25 Mar 2020

Womble Bond Dickinson is advising a number of clients in connection with access to the funding provided by HM Treasury and the Bank of England pursuant to the COVID Corporate Financing Facility (the "CCFF"). This facility is designed to support liquidity among larger corporates, helping them to bridge coronavirus disruption to their cash flows through the purchase of short-term debt in the form of commercial paper. Commercial paper is an unsecured, short term debt instrument issued by a company. In summary, the facility works by allowing eligible non-financial companies to sell commercial paper to the CCFF.

Accessing the CCFF

The scheme is being administered through the banks and the documentation necessary to establish a suitable programme is relatively standardised. The banks currently participating in the CCFF (and relevant contact details) are listed here. The use of simplified standard documentation means that the CCFF can be accessed relatively quickly by companies who have not previously issued commercial paper. In most cases the two key aspects for a company to consider before commencing an application are (i) whether they are eligible and (ii) what consents might be required under any other financing facilities currently held by the company.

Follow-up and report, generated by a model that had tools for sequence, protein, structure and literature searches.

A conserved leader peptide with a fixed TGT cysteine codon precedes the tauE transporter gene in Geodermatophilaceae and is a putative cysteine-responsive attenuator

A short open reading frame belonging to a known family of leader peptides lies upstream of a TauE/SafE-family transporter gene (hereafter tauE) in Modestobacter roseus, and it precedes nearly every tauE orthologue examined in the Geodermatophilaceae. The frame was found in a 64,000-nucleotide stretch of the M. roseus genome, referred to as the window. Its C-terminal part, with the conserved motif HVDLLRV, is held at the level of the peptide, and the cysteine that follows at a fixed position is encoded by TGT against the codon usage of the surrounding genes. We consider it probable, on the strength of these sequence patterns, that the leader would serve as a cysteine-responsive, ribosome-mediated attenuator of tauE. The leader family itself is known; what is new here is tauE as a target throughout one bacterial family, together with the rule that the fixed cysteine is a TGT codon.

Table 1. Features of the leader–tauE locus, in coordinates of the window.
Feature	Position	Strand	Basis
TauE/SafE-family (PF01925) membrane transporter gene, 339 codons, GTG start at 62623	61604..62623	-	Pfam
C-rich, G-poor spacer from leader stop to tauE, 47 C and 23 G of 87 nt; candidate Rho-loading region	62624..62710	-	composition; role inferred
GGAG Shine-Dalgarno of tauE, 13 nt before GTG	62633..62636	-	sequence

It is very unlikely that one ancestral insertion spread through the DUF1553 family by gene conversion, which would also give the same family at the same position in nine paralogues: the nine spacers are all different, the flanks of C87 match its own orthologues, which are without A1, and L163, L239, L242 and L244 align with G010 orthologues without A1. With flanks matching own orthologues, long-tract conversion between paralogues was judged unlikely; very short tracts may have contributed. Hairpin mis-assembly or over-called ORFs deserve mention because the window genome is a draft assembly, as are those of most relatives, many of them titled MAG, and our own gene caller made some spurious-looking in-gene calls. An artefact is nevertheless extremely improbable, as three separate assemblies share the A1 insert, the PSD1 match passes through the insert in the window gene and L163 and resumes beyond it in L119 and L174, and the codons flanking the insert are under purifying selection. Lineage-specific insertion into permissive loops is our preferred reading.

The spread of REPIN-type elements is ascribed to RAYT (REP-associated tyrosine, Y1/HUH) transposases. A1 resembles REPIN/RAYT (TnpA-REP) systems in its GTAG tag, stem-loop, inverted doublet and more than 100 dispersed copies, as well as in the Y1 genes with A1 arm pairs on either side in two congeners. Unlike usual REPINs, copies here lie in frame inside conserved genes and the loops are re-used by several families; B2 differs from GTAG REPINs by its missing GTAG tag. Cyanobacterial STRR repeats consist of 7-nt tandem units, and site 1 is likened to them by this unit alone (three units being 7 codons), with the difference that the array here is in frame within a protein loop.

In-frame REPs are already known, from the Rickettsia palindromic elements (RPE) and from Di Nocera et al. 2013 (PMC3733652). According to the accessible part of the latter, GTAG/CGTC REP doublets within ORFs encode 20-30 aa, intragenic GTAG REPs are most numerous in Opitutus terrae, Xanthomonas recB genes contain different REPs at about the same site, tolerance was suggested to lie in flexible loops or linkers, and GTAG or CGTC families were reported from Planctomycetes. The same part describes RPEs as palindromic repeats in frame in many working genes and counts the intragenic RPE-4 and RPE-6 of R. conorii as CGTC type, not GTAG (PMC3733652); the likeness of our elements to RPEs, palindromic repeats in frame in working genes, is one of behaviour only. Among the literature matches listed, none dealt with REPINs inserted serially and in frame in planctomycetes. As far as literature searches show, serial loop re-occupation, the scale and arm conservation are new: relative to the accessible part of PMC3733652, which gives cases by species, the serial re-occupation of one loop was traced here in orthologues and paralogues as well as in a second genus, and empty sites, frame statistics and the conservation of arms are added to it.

Who is eligible?

To be eligible a company must be one which makes a material contribution to the UK economy. This will include UK incorporated companies, including those with foreign-incorporated parents and with a genuine business in the UK; companies with significant employment in the UK; firms with their headquarters in the UK. The Bank of England will also consider whether the company generates significant revenues in the UK, serves a large number of customers in the UK or has a number of operating sites in the UK. In addition, the CCFF is only open to those companies that can demonstrate that they were in sound financial health prior to 1 March 2020. This is interpreted as meaning that companies had a short or long-term credit rating of investment grade at that date. If a company does not have a credit rating, this does not mean they cannot access the CCFF and the advice is for the relevant company to contact their bank in the first instance because if the relevant bank views the company as being investment grade (even though it does not have a formal rating) then the Bank of England will consider making an assessment of whether the company can be deemed as equivalent. Another option is to get in touch with one of the credit rating agencies to seek an assessment of credit quality in a form which can be shared with the Bank of England (e.g. an indicative rating (Moody's), a credit assessment (S&P) or a credit opinion (Fitch). The Bank of England has been liaising with the Rating Agencies as to its requirements.

If you would like to discuss the details of the CCFF in more detail, need help to determine whether the scheme might be suitable for you or need assistance in preparing an application or documentation then please do not hesitate to get in touch.